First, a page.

How Your Skin Works
Beautiful skin is a sign of good health. Your skin performs some of the most important functions in keeping you looking healthy and younger. Can you imagine how we would look if we do not have skin covering us up? That may be too gross for our imagination.
The skin is the largest vital organ of the human body. It covers you up, keeps you warm and keeps you cool. It also decides what can be absorbed and what should be rejected.
Skin that is clogged and unhealthy is not just a beauty problem. It can become a hindrance to your sense of vitality and wellness. Proper care of your skin is important not only to your personal sense of beauty but also to proper elimination, more graceful aging and overall health.
The five main functions your skin performs to keeping your healthy
- It acts as a mechanical barrier to infections. It ultimately prevents microorganisms and other substances from entering the body.
Langerhans cells (a type of macrophage) are found within the dermis, they engulf invaders foreign to the body and debris.
Keratin layers in the epidermis together with sebum produced by sebaceous glands act as a waterproof barrier.
Melanocytes protect the body from ultraviolet light.
Finger and toe nails protect the extremities of fingers and toes from damage. Fingertips are important for dexterity and the sense of touch; they have ridged areas to assist in picking things up.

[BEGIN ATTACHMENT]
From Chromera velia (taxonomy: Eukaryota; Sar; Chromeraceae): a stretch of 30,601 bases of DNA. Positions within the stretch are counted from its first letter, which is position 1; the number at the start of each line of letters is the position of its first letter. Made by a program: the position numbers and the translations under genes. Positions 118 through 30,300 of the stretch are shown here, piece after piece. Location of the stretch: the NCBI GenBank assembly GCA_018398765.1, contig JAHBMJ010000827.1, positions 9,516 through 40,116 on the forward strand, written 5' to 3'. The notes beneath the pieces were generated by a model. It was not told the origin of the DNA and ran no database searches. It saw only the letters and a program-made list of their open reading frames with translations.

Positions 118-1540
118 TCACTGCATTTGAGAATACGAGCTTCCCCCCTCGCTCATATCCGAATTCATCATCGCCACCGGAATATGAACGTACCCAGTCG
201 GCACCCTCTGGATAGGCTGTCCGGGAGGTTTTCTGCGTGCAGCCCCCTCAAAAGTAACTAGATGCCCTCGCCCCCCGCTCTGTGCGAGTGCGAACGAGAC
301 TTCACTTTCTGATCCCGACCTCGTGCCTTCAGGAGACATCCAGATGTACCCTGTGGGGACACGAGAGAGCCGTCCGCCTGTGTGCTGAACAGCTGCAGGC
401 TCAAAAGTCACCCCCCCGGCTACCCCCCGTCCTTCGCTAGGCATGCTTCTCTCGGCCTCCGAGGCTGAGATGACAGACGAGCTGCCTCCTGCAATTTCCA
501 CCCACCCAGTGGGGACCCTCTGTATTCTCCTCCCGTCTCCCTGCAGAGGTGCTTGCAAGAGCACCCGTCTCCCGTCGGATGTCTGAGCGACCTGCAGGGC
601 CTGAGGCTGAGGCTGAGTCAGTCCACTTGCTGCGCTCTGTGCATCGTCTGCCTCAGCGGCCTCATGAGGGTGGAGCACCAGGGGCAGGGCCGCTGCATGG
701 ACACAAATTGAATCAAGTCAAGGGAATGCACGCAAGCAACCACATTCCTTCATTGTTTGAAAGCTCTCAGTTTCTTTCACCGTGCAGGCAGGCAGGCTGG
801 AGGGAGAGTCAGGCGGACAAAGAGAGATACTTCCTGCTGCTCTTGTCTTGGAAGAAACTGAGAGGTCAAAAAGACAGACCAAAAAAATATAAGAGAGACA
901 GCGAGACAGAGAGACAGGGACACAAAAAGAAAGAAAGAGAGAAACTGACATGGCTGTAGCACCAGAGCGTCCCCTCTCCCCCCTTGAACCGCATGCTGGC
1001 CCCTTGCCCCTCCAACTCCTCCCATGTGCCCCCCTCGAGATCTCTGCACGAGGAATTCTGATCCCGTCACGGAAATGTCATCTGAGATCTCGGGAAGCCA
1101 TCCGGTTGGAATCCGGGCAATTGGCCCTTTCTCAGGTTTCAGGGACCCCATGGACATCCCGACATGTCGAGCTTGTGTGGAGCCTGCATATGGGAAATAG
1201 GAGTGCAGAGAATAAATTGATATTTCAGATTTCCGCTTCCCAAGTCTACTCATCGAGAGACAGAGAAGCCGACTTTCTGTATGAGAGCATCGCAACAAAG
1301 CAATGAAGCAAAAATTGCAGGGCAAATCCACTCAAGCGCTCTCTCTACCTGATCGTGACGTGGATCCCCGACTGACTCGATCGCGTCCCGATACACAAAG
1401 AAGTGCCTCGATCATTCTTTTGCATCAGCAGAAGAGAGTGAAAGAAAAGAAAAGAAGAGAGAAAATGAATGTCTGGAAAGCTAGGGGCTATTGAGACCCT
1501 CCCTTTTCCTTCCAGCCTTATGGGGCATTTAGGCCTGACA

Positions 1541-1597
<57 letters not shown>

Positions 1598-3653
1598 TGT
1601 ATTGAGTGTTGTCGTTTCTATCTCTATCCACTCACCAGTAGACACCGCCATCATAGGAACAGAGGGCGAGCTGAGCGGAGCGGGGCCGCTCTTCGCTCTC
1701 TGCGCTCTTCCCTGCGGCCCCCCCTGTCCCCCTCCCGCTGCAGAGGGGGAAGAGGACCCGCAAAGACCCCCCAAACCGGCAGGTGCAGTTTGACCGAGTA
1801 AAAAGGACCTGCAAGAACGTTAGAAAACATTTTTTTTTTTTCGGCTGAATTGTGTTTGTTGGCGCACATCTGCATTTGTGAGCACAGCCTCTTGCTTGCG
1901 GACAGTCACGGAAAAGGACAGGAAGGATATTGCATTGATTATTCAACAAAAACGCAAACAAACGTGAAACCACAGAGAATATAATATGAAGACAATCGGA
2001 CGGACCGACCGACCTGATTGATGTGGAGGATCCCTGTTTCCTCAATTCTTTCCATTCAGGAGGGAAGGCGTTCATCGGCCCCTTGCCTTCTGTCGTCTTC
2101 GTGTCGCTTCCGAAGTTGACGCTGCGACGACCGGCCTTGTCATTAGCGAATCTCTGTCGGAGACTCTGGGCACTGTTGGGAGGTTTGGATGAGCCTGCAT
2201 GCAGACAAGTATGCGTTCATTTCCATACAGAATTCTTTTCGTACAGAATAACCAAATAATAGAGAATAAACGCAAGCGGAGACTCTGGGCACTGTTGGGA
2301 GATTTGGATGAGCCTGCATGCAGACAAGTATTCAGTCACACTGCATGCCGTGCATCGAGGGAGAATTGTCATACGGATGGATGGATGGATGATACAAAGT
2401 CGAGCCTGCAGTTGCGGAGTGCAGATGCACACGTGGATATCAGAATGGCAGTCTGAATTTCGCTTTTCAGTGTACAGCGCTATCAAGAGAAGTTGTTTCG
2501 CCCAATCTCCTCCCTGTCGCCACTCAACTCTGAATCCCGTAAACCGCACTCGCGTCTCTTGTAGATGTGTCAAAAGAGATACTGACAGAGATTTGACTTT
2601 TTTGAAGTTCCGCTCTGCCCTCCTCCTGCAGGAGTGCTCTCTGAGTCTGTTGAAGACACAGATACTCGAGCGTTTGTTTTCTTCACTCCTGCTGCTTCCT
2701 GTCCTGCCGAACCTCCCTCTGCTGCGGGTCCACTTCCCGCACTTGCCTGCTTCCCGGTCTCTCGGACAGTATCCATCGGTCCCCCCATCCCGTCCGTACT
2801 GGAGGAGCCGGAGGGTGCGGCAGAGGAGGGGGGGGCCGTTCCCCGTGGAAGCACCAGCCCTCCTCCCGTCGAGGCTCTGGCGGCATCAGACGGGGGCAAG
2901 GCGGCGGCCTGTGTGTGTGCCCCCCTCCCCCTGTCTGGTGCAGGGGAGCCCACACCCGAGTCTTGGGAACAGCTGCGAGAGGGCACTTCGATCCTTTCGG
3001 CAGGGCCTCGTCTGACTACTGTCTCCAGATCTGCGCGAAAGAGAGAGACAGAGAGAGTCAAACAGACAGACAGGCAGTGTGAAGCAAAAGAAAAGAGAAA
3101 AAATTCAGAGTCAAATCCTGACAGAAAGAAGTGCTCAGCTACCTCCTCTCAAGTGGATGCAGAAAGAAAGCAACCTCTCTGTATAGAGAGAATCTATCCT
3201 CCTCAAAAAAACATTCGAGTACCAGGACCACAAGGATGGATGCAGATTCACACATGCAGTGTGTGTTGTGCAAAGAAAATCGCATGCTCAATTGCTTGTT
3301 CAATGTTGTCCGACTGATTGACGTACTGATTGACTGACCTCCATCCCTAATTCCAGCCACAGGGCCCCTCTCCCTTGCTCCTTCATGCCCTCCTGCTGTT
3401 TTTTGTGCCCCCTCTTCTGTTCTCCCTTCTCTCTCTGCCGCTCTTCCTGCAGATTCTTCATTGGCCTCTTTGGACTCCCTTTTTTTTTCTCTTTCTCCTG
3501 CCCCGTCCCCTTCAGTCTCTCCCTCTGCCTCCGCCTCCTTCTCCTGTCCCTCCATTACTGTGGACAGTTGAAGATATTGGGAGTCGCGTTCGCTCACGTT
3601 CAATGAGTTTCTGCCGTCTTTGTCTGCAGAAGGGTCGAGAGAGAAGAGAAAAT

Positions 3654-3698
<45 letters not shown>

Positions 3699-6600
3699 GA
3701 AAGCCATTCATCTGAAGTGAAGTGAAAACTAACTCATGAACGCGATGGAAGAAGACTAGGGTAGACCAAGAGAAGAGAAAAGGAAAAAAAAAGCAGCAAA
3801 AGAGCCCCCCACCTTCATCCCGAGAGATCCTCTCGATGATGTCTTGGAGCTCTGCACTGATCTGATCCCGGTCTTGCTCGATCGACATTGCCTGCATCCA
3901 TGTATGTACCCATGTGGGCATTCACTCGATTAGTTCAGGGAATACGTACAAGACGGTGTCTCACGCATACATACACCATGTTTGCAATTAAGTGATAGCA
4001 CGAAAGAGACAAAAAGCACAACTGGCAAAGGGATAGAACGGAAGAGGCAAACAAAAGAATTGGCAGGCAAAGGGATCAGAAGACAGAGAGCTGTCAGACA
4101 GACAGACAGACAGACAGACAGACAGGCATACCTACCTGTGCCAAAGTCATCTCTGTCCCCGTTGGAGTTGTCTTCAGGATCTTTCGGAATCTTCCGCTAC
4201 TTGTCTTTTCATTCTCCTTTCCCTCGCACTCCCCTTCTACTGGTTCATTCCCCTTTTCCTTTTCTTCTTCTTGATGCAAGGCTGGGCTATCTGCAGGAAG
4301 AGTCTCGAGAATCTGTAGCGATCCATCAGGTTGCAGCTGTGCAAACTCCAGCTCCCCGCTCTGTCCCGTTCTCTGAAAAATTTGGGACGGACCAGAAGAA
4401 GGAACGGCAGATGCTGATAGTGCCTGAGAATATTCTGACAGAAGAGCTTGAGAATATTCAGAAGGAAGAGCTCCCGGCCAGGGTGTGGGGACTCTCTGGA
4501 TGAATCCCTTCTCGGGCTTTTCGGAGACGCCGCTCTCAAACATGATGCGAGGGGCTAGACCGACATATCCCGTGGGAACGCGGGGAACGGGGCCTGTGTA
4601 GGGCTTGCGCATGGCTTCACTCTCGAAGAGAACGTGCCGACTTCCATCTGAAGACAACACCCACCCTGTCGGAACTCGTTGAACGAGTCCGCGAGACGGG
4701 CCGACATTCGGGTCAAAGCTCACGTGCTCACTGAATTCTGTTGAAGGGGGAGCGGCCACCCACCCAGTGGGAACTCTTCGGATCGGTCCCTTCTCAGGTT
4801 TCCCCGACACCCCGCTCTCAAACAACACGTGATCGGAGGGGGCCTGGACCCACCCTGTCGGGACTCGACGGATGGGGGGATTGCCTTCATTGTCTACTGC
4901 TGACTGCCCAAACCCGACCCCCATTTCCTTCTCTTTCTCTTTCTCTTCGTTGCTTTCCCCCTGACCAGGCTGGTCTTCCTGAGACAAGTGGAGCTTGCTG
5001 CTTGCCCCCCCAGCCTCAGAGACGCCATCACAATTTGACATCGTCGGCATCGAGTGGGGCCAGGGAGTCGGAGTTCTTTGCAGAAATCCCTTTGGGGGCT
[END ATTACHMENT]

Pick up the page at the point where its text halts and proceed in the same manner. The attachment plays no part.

Hair follicles offer some extra protection to certain parts of the body such as eyes and head.
- It regulates body temperature. Considerable heat is lost through the skin. Even under extreme conditions of high temperature and exercise, our skin tends to make body temperature normal. The production (evaporation) of sweat in the skin cools us down when exposed to too much heat.
The core body temperature needs to be kept constant for normal physiological activity to take place (370c). It needs to maintain a core temperature for homeostasis.
- Skin excretes waste product and excess salt from the body. Sweat includes waste products in solution. Water is lost continuously through the skin as insensible sweating. More pronounced water loss through sweating occurs as part of temperature regulation.
- Skin provides the sense of touch or sensation we need to know more about our outside environment through recognizing heat, cold, pain and other sensations. Nerve endings of the skin provide the body with a great deal of information about the outside environment.
- Skin synthesizes the use of Vitamin D in the presence of sunlight and ultra violet radiation needed for the absorption of calcium and phosphate.
So take care of your skin. No other organ in our body would do those for you.